February 2 – March 29, 2008
Reception: February 7, 2008, 6:00 p.m. – 9:00 p.m.
Plein Air Abstraction brings together the painting of seven American artists who paint from the direct observation of nature. They paint not what they see, but what they feel upon seeing it.
Many of the great abstract paintings of the last hundred years were based on landscape subjects. And many of these, even when devoid of recognizable subject matter, resulted from the artists’ observation of and response to the real world. These paintings translate nature onto canvas, moving from “plein air” to “abstraction” through the artists’ interpretive vision.
Of the seven painters in Plein Air Abstraction, five live in southern California, one in northern California, and one in upper New York State. The latter artist, Susan Sommer, derives inspiration from the rolling foothills and dramatically changing vegetation of the Catskill Mountains. Gina Werfel, who lives in Davis, responds similarly to the hills and plains of the Sacramento Valley as well as the Umbrian region near Rome, Italy. Both painters, educated back east and influenced by the New York school, respond to topography and vegetation with what the abstract expressionists called a “loaded brush.”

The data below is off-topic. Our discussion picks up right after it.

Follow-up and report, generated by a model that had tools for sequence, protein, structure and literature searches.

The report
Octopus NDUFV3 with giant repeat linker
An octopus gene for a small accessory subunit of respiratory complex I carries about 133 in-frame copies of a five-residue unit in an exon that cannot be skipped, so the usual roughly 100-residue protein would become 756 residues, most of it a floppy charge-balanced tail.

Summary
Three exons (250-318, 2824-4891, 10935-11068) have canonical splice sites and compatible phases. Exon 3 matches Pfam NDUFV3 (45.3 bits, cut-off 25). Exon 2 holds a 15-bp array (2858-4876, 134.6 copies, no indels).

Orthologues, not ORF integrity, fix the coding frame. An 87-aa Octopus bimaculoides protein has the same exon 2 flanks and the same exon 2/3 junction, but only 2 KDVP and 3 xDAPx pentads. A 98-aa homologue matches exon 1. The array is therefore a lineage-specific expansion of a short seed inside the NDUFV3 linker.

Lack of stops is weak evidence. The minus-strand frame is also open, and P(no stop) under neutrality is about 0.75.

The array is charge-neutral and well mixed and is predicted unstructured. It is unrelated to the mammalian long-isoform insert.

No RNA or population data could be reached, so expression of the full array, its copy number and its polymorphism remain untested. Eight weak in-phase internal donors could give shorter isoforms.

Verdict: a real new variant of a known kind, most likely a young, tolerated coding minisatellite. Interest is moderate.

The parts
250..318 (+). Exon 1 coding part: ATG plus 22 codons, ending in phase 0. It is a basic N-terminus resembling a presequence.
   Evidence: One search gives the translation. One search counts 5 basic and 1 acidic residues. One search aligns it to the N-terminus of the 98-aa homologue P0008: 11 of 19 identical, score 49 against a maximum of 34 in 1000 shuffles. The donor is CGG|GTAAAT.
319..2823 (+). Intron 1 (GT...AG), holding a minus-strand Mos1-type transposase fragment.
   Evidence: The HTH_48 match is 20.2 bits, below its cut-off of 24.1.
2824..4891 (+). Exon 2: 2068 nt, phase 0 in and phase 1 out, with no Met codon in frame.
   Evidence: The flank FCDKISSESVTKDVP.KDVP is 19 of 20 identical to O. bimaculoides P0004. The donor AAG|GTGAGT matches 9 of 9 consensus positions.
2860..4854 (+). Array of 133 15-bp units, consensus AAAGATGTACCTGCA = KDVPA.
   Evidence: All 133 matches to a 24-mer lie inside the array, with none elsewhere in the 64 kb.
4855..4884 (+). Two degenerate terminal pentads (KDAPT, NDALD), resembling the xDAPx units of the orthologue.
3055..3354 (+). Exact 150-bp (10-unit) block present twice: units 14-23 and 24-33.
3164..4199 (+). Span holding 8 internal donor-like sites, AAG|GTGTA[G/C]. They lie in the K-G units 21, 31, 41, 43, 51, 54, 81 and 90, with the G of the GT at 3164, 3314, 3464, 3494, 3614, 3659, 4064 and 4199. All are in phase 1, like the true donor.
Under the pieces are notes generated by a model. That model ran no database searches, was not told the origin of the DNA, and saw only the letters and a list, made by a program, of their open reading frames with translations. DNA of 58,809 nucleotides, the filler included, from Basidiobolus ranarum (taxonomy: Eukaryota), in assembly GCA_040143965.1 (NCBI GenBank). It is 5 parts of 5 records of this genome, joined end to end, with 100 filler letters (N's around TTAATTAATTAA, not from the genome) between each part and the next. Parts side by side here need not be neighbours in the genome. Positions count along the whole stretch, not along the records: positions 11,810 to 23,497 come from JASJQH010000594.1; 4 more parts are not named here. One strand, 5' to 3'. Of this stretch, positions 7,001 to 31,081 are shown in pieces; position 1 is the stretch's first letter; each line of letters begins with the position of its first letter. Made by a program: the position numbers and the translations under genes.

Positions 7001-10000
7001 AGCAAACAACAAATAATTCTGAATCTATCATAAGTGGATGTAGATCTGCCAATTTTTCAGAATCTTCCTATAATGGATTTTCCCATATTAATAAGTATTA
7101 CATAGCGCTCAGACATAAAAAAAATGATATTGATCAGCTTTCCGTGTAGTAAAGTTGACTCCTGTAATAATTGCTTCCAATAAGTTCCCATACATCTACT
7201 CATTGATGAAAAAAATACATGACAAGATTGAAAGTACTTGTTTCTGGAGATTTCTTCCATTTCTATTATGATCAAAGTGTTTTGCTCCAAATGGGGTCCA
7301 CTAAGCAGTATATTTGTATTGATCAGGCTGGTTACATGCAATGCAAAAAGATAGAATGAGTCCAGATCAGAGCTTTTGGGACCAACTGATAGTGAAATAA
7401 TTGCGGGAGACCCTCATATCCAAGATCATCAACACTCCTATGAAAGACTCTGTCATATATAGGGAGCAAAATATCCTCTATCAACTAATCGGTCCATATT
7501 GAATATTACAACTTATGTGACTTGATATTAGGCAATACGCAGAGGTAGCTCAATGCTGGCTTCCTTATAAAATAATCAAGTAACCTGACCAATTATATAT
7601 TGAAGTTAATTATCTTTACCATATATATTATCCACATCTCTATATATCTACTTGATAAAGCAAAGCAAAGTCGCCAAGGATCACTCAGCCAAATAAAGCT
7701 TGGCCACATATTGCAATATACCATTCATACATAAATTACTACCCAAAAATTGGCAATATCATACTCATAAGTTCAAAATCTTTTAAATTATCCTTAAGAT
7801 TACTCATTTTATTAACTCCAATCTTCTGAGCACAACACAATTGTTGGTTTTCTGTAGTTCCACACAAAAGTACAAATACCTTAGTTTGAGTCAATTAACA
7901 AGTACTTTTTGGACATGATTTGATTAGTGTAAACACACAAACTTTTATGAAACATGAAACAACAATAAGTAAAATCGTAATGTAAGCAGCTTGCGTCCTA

So does Luc Leestemaker, who was born in Holland and now resides in the Hollywood Hills. Leestemaker responds gesturally to the sea and mountains of southern California, while the line-filled, delicately colored work of Elizabeth Chandler, who divides her time between downtown Los Angeles and Desert Hot Springs, is impacted by the urban and desert environments. Working in Los Angeles, Joan Perlman bases her expansive monochromatic paintings on her concentrated study of the glaciers, glacial rivers, and alluvial plains of Iceland. By contrast, Orange County-based Janet Rosener creates her luminous, near-minimal paintings on the colors and forms she finds in her own garden. San Pedro resident Marie Thibeault combines what she sees in the Long Beach area with what she sees in the newspaper – in particular the impressive scenes of Gulf Coast devastation following Hurricane Katrina.
These seven painters, and many more beside them throughout the country, follow in a tradition that not only descends from the beginnings of abstraction but has produced some of the monuments of modern art, among them Kandinsky’s Improvisations, Mondrian’s post-cubist geometries, O’Keeffe’s luminous and fluid images, and De Kooning’s dynamic depictions of urban and rural space. The breadth of vision and ambition afforded by landscape painting or abstract painting alone fuses in such nature- and space-influenced abstraction to provide an exhilarating and always fresh visual universe. When the landscape aspect of such abstraction results from direct observation, the results are yet fresher.